Marvel Heroes will be a free-to-play game with microtransactions, which has met with skepticism from members of the gaming community who don't trust that the game will be completely free-to-play. Brevik says he understands where the skepticism comes from because free-to-play means a lot of different things to different people. Some associate it with the monetization systems of Facebook games. Some believe free-to-play equals pay-to-win. Brevik says that Marvel Heroes' take on the free-to-play business model will hopefully be more akin to League of Legends.

"The closest similarity in terms of quality in what we're trying to achieve here is like on the level of League of Legends," he tells Polygon. "League of Legends is a free-to-play game, yes you can spend money, but you don't have to, and a lot of people don't. You can have a great time and for the most part it's completely free and it's a very high quality product. We'd like to move in the same direction."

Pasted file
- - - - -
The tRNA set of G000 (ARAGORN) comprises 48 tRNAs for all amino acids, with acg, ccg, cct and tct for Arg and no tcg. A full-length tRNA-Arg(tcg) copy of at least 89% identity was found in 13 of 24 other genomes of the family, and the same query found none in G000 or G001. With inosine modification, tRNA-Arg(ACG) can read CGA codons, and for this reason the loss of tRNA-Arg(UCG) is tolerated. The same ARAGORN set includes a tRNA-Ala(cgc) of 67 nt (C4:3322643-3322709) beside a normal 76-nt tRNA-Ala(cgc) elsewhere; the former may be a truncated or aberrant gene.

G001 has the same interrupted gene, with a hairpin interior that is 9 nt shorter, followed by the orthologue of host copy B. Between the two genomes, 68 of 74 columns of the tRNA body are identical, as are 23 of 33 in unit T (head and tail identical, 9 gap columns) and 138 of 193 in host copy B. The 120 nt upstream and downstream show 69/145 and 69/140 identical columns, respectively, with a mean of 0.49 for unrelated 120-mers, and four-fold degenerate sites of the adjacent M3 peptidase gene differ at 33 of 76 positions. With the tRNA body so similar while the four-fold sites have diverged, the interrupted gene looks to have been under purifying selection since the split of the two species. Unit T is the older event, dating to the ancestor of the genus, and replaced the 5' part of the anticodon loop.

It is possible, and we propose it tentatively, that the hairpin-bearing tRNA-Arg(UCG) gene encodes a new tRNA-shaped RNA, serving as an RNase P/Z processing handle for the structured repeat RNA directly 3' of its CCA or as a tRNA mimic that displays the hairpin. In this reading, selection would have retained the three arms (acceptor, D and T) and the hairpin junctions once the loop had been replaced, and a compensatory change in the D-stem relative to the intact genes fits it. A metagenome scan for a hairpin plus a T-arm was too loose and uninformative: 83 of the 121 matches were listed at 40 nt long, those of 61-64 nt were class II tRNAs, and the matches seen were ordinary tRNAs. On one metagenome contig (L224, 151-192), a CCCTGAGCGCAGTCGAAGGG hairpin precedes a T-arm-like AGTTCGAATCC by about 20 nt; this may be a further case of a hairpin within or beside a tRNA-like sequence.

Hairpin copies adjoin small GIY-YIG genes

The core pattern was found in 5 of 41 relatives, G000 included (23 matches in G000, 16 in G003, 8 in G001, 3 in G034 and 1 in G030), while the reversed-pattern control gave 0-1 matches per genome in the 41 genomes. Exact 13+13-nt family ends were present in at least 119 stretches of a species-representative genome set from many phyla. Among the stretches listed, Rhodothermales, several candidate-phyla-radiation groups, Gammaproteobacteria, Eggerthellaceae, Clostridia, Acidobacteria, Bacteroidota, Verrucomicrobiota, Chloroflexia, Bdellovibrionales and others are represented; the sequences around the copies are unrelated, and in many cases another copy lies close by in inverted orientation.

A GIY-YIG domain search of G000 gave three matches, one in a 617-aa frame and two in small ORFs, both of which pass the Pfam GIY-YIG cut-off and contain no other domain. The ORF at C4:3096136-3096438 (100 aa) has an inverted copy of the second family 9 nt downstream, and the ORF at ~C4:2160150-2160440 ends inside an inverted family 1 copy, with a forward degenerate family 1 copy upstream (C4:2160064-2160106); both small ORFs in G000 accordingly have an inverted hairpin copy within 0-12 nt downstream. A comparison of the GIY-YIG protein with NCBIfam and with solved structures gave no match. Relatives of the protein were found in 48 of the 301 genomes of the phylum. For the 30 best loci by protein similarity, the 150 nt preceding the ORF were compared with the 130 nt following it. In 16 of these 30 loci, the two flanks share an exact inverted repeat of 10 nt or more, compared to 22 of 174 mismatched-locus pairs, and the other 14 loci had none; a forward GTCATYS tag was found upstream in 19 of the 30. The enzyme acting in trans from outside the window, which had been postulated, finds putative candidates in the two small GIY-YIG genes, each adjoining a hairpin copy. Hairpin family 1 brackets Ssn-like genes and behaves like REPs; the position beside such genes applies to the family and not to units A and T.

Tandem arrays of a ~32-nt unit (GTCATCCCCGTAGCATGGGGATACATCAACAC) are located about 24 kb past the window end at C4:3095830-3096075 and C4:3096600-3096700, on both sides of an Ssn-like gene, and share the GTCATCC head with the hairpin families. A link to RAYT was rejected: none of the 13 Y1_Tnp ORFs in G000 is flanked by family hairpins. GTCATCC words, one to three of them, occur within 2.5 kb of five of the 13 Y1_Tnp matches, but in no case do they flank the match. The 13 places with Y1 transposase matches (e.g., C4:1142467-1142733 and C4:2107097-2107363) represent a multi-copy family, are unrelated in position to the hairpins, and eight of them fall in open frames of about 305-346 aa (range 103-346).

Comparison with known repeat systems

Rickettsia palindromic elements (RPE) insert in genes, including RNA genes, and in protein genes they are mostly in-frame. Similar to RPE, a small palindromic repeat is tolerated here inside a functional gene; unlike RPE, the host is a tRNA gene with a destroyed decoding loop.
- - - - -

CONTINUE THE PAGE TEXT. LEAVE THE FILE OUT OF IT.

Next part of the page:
"The closest similarity in terms of quality in what we're trying to achieve here is like on the level of League of Legends."

Brevik says that he first considered adopting a free-to-play model for his games after seeing the success of the model in Asia, and later seeing that people in the West were willing to partake in microtransactions in the social game space. He saw the potential for his games to reach more people by removing the monetary barrier to entry, and while he knows there's a reluctance among certain members of the gaming community to embrace free-to-play, he believes it's here to stay.

"I think it makes the game have the possibility of being enjoyed by more people, and that's really what I want it to be," he says. "I want a lot of people to be entertained by this product, and here's an opportunity to do that."

Marvel Heroes is planned to be released in Spring 2013.